Time to recover the prophetic power of the RCIA dismissal

stone water door (photoxpress)When I first heard about the dismissal of the catechumens from the Sunday Mass, it was an “I-could-have-had-a-V8-smack-on-the-forehead” moment. I instantly saw the catechetical value for parish communities. If mid-pew Catholics saw people processing out of church in the middle of Mass, what would they think? How would they deal with the disruption? Who would they ask about what is going on? Would they become curious enough to explore their own reasons for staying?

Is the RCIA dismissal prophetic?

That was a very long time ago, and now, more than 30 years later, the dismissal ritual has lost much of its prophetic edge. The focus has shifted from the dismissal itself to what happens with the catechumens after the dismissal. But note that the what the Rite of Christian Initiation of Adults says that they do and what they actually do in many cases do not align.

Here is what the rite says:

After the dismissal formulary the group of catechumens goes out but does not disperse. With the help of some of the faithful, the catechumens remain together to share their joy and spiritual experiences. (67)

Here are some of the things we often say, but the RCIA does not say. The catechumens are not necessarily dismissed to:

  • break open the Sunday readings
  • do lectionary-based catechesis
  • do dismissal catechesis
  • be nourished by God’s word
  • form community with one another as a small group

Some of those things could happen after the dismissal, but the rite is not asking for them. All the rite asks for is that the catechumens be dismissed and that they do not disperse so that they can share their joy.

So what’s going on here? Why have we made such a big deal about what takes place after the dismissal and paid such scant attention to the dismissal itself? To answer that, we have to put our liturgist hats on. Remember that everything in the liturgy is, in and of itself, catechetical. That is, the way we do liturgy teaches us what we believe. For most of us who were raised in western educational systems, our tendency is to think of liturgy mostly as a celebration and to think of it less as a catechetical event. So, once the catechumens are dismissed, we tend to think we must “break open” the word of God so they understand it. We don’t often think of the dismissal session as a time to just say, wow, that Liturgy of the Word was totally awesome!

How does the rite teach?

To make “Awesome, dude!” an authentic response to the word, the Liturgy of the Word would have to be celebrated in an way that is actually awesome. That is usually something that is out of our control as RCIA team members, so we focus on what we can control—the dismissal session itself. But let’s imagine we live in a parallel universe where every Sunday in your parish the Liturgy of the Word is off-the-hook amazing. What would happen at your place? What would happen next? Do you imagine parishioners would just nod to each other in silent approval? What happened to you last time you really experienced the word of God at Sunday Mass in a way that made you soul shiver?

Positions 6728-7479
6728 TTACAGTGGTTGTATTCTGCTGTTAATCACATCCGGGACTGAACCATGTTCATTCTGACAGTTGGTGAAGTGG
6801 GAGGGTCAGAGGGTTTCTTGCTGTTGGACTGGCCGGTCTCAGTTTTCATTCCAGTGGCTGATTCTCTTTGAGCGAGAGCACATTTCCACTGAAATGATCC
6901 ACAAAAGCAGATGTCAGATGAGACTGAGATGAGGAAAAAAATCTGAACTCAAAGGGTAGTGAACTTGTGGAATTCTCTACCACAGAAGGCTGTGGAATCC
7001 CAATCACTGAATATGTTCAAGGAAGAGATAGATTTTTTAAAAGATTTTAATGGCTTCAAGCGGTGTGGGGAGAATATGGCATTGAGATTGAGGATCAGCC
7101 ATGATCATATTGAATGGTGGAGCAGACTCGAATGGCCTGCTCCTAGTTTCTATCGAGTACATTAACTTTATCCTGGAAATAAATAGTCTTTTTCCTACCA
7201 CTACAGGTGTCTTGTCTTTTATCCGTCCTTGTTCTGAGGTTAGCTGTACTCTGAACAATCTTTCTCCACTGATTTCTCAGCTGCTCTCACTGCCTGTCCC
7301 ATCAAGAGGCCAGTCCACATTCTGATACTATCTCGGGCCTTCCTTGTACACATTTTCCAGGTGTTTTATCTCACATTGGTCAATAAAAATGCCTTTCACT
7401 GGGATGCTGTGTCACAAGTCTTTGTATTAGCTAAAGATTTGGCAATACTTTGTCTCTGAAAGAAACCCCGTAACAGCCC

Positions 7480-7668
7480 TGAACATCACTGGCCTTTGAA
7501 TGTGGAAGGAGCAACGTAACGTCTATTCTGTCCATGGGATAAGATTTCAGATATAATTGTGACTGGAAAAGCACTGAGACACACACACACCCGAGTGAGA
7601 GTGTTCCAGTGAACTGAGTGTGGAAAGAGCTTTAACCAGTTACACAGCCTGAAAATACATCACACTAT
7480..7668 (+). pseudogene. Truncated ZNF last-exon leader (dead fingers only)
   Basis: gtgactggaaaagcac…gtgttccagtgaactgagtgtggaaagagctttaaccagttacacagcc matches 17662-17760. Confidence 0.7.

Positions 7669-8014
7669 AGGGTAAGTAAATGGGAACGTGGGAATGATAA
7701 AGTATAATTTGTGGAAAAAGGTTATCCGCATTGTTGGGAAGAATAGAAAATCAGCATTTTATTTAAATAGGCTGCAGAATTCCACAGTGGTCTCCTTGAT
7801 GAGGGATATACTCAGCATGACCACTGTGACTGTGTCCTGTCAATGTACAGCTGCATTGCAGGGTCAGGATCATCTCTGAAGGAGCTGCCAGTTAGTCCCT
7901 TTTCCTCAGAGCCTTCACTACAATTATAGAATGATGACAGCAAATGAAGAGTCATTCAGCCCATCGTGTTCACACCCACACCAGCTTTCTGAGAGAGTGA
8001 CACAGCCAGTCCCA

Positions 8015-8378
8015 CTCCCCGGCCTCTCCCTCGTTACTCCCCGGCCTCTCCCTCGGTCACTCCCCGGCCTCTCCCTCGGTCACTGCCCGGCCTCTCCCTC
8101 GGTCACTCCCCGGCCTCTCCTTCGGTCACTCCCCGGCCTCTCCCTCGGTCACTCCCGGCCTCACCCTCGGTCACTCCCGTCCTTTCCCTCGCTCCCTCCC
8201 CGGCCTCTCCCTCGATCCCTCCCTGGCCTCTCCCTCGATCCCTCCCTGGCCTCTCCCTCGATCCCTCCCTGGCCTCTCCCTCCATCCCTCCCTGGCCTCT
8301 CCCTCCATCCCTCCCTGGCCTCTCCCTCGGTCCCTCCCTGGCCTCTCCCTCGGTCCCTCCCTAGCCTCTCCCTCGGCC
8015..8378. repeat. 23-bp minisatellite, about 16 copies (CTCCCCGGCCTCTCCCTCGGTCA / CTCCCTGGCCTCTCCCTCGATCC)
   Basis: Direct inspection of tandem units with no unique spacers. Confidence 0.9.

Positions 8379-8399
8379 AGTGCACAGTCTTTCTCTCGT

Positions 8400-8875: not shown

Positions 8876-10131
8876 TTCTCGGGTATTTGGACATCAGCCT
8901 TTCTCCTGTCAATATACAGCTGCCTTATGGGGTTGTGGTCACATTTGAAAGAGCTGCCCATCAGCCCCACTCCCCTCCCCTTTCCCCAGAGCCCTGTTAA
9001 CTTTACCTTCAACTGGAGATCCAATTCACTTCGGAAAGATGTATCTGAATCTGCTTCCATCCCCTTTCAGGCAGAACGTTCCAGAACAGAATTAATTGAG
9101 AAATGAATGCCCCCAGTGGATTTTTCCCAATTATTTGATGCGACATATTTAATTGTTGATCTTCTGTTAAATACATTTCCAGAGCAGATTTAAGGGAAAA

What happened to me is that I felt moved, compelled, to “share my joy.” The way I do that, Catholic that I am, is to offer my joy as a sacrifice of praise that culminates in sharing in eucharistic communion with the Body of Christ. But the catechumens cannot yet do that. Still, if the word does what it is supposed to do, they catechumens will have a compelling urge to “share their joy” as well. So instead of requiring them to just sit on their hands while the rest of us are offering praise like crazy, they are “kindly dismissed before the liturgy of the eucharist begins” (RCIA 75.3).

The dismissal, then, and the sharing of joy that follows, is a profoundly liturgical act in the same way the gathering of the faithful around the altar of sacrifice and praise is liturgical. All of us—catechumens and faithful—are converted by God’s word. We are all compelled to respond in praise and thanksgiving. However, the way that we do that is determined by our differing roles in the worshiping assembly.

What we learn from all this

What the catechumens “learn” from their dismissal is that a joyful response to God’s saving word is required of us. What Catholics learn is that our sharing in the sacrifice of the Mass is both a privilege and a responsibility of baptism. The challenge for those of us on RCIA teams is to influence our parish worship in such a way that that liturgy—especially the dismissal—teaches that by the way it is celebrated.


See also these related articles:
  1. Honoring the Baptized
  2. Is my pastor right about dismissal?
  3. Eucharist and communion—what’s the difference?
  4. Five things your RCIA team may not know about the dismissal
  5. Time to recover the prophetic power of the RCIA dismissal
  6. A powerful conversion process for baptized candidates in the RCIA
  7. What happens during dismissal?
  8. Episode 17: Who in the RCIA gets dismissed from Mass?
  9. Four ways the RCIA dismissal teaches faith
  10. Episode 42: RCIA dismissal with children

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Comments

  1. Celebrate joy, yes. But don’t overlook the dismissal exhortation to “reflect more deeply upon the word”! (67)

  2. When leading a Dismissal, my approach is to ask the group what word or phrase they heard in the readings or the homily fired their imagination — caught hold of their attention — just long enough so they missed the next few words. The responses are almost always varied and are usually delivered with a sense of joy or awe. The ensuing discussion gives me a chance to add context to their feelings and understandings by revisiting scripture and homily, saying things like, “and this is why Catholics believe …”, or “and so the Catechism tells us ….”

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